And that's where differenttypes of studies become useful so takingblood from the general population andlooking for antibodies which you getafter infection is really usefulbecause that's the only way you get afull picture of how many people wereinfected and then you get the idea ofthat full iceberg of how many people are infectedEpidemiology is not the onlything Peter and his colleagues are

Studying So we're going to come back tohim laterBut as he just mentioned, antibodies areanother part of a different vitalresponse to Covid-19 disease, which ishappening inside everyone who's infectedOur immune response Time to find animmunologist I'm Tao Dong I'm Professor of immunologyBumping elbows with me isProfessor Tao Dong She's director ofthe Chinese Academy of Medical SciencesOxford Institute Originally from China,

How did she end up working in Oxford?That was a very, very long time ago28 years ago I came here with my husbandand then I started my d-phil study at OxfordAnd now has life here changed in thepast couple of months because of thecoronavirus outbreak? Yes very much Tobe honest I didn't sleep very well sinceit started because I come from China sowe get very updated information fromcolleagues and friends and at all levelsand really professionals and world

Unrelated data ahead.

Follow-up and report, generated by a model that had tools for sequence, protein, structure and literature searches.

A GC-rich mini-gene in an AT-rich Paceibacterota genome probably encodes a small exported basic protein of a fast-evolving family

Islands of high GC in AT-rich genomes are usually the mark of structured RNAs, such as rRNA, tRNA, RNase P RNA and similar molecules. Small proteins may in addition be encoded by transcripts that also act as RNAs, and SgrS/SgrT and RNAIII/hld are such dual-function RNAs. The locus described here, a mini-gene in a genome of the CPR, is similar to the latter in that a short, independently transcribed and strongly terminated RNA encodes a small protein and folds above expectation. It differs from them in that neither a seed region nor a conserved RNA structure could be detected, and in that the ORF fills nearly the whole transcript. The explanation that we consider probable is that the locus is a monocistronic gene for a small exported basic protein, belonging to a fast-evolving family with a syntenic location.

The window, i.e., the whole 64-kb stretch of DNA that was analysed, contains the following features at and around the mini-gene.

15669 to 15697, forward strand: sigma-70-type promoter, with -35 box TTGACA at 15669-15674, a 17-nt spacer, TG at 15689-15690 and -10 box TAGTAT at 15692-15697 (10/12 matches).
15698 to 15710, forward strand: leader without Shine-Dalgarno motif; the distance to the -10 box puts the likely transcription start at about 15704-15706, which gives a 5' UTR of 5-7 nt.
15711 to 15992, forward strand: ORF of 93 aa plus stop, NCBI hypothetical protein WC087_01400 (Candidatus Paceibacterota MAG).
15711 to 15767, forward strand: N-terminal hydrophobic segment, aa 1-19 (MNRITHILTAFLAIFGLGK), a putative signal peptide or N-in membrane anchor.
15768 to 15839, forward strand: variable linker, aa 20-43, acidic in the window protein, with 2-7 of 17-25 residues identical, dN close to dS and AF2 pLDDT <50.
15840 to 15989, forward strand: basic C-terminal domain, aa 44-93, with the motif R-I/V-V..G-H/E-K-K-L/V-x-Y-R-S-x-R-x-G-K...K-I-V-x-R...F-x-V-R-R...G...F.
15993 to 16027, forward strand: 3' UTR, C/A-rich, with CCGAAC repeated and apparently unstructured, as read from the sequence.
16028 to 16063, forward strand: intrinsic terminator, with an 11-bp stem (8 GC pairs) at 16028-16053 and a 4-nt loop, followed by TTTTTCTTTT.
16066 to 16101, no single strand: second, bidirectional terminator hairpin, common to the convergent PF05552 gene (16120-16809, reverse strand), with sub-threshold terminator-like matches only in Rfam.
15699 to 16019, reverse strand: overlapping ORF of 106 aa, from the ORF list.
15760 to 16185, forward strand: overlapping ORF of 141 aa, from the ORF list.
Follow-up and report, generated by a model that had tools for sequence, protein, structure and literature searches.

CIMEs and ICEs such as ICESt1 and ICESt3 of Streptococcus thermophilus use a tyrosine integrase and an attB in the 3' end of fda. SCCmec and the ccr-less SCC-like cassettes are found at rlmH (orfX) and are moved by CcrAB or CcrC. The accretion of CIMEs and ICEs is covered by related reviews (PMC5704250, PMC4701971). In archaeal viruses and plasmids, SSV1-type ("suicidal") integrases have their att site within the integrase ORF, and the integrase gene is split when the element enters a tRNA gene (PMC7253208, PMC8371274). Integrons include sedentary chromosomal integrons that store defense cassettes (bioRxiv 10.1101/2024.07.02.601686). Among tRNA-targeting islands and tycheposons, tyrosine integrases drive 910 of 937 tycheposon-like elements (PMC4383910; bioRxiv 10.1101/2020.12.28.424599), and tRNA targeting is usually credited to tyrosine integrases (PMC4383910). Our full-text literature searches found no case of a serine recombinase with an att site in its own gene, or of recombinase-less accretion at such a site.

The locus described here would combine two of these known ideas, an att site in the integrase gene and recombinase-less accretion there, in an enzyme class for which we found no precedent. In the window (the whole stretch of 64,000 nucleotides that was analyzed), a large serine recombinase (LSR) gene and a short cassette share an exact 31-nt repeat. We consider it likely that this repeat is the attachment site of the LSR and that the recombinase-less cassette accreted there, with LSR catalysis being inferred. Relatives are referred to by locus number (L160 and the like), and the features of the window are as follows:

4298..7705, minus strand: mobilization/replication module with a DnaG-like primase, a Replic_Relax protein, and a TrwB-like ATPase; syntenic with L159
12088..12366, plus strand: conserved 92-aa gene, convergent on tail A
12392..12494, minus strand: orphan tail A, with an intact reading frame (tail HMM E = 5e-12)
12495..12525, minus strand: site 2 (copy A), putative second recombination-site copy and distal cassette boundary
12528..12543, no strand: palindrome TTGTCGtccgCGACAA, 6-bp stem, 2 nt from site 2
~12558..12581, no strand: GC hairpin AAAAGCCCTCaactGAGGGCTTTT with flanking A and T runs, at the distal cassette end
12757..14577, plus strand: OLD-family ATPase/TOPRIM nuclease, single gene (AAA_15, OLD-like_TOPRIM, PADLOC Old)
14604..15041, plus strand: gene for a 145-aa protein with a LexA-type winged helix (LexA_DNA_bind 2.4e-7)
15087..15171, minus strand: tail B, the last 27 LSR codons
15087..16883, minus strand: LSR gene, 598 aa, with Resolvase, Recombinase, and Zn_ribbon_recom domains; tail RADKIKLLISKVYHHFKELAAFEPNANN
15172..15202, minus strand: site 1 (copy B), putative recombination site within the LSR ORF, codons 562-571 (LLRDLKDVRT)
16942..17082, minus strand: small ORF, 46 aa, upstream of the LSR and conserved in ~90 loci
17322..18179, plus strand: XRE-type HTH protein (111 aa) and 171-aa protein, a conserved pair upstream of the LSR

Leading expert in China and some justour friends and family with no knowledgeabout immunology or science,like grandparents, uncles, auntiesEverybody is worried And they're alltexting you? Oh this is your field Ithink because it's completely new virus anda new thing,I think everybody's worried and panickyAnd what are you working on right now? SoI'm a immunologist and also Oxford

Director of this new Institute ThisInstitute would prioritise the funding tosupport project including my own project,for example in terms of immunologystudying the immune response in patients,who is doing well and not doing well andthis is largely in collaboration withour colleagues in China, Beijing UNHospital and the Chinese Academy MedicalScience because they have collectedpatient samples from differentoutcome with different order which

Enable us to study the immune responseproperly Can I ask how you collaboratewith colleagues in China if China's onlockdown?I mean do you send samples through the post? Oh this is a long-term collaboration We startedour collaboration in 2002 so we've beenworking together on different virus anddifferent outbreaks, like HIV Sars timeand avian flu One of the the reason we won'thave this joint institute is we canreact very fast when something like this